Speaking of funding for food, we at the pantry are participating in a paper plate campaign, organized by the Food Bank of Western Mass., to let our legislators know — and help make the case to their colleagues — that we need increased state funding for emergency food. The plates have a space to fill in your name and address and plenty of room to write a message. We will start sending the plates to Representatives at the beginning of March (like now) and to Senators at the beginning of April. Here is part of the info sheet from the food bank for volunteers and pantry friends in support of the effort:

Paper Plates for More MEFAP Food!

The Massachusetts Emergency Food Assistance Program (MEFAP) is an important food resource for many food programs, including this one (the Friendship Center Food Pantry). Each year, the Commonwealth of Massachusetts sets aside money for food banks, like the Food Bank of Western Massachusetts, to buy MEFAP food. Then that food goes to meal
sites and food pantries. Last year, the Massachusetts legislature decided to increase the funding for MEFAP to $14 million, which was helpful. However, that was the first time in many years that the funding for MEFAP had increased. That means that $14 million still doesn't buy enough food.

This year, the governor's budget proposes the same level of federal funding for MEFAP as last year. Since food prices keep going up, that money buys less food than it used to. At the same time SNAP [food stamps] and Unemployment benefits have been cut, so there is more need for MEFAP food. We are asking our state senators and representatives to increase the amount of money for MEFAP this year from the $14 million the governor proposed to $16 million. The $2 million increase would be spent on more food across Massachusetts that would be distributed through programs like meal sites and food pantries.

The paper plate is one way that you can tell your state senator or representative that you support an increase in funding for MEFAP. Legislators care about what the people they represent think. [The rest of the message tells ways the plate(s) can be delivered to the legislators. We at the Friendship Center are mailing/delivering them.] This is the first time we have done this kind of advocacy — which by the way is full compliant with the non-profit status we seek — and the plate campaign has started slowly. We feel confident, however, that we will be able to submit to our legislators all 50 of the plates we receive filled out by pantry members, volunteers and supporters.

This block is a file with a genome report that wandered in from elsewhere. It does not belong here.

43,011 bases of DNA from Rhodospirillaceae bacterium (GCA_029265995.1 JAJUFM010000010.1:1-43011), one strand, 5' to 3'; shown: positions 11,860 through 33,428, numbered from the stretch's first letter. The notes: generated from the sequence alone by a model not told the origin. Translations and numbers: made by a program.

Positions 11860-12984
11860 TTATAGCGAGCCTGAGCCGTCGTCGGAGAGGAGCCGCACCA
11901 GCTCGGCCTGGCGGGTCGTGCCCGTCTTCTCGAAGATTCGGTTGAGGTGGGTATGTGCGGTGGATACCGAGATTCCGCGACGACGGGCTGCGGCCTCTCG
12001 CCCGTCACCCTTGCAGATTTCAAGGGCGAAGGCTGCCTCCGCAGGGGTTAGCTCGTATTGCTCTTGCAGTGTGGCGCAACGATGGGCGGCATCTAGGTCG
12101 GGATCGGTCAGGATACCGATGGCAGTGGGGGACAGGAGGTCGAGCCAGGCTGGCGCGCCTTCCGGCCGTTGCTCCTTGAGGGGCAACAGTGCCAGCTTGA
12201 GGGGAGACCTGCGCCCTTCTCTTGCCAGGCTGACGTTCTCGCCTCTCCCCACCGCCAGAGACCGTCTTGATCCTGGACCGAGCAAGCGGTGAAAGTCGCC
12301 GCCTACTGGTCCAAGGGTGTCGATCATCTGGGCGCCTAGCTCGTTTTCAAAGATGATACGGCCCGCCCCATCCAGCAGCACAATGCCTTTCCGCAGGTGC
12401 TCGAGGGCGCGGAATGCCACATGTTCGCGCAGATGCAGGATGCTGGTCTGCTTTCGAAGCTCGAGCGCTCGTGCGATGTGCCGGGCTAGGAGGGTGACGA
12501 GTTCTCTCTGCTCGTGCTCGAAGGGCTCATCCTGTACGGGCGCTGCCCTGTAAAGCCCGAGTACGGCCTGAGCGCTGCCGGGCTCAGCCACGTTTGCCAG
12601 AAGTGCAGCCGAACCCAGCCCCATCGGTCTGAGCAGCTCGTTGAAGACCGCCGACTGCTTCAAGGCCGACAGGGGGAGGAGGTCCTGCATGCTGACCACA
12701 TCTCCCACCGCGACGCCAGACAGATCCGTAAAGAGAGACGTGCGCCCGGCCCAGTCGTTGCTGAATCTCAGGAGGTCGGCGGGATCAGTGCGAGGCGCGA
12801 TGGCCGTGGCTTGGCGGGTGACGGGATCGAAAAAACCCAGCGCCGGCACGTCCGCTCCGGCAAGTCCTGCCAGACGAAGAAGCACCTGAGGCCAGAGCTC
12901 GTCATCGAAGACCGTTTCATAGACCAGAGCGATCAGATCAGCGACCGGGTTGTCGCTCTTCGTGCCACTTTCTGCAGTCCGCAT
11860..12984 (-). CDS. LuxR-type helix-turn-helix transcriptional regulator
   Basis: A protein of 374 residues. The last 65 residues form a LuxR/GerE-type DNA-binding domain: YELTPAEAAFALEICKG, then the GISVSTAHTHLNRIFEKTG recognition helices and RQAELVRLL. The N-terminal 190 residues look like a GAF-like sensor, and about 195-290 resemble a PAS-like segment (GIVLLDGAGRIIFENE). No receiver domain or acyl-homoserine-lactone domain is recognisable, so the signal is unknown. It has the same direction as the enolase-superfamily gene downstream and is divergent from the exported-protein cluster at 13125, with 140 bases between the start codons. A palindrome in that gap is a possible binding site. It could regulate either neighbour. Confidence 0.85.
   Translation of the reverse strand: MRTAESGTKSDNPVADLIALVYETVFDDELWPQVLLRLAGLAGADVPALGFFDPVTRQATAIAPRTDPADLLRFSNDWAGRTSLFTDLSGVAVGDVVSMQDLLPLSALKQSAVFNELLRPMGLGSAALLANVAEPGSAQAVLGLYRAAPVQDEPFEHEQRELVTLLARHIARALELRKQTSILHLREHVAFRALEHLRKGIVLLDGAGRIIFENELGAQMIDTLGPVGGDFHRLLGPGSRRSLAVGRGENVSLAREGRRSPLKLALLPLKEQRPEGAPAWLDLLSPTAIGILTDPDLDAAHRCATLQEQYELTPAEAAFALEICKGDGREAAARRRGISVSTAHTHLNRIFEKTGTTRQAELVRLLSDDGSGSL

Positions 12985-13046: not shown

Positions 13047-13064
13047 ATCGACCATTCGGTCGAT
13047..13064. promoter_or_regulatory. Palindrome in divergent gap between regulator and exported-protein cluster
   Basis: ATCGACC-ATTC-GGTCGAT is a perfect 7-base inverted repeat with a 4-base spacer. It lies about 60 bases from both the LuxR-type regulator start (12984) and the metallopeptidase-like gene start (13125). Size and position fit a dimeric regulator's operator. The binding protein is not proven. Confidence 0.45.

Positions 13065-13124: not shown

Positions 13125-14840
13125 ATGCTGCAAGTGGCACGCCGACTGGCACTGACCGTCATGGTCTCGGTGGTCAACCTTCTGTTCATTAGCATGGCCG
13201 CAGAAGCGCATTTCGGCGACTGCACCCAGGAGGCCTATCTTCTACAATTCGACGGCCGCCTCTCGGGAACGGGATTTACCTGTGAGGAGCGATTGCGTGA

Service for Mental Health Recovery and Understanding

North Adams Mayor Dick Alcombright reads at the second annual Service for Mental Health Recovery and Understanding Jan. 21 at New Hope Methodist Church. At left, sits Rev. Dan Randall, pastor of New Hope. Below, NBIAI Co-Director Al Nelson lights a candle during the service.

Our second annual Service for Mental Health Recovery and Understanding was held on Sunday evening, Jan. 27, at New Hope United Methodist Church in Williamstown. About 30 people attended this ecumenical service of readings, candle-lighting and support. We thank the Rev. Dan Randall for planning and leading the service. Dan, by the way, is a volunteer on the Wednesday evening shift at the Friendship Center. Addressing the group at the opening was Marilyn Moran of the Berkshire Chapter of the National Alliance on Mental Illness and yours truly on behalf of the Northern Berkshire Interfaith Action Initiative.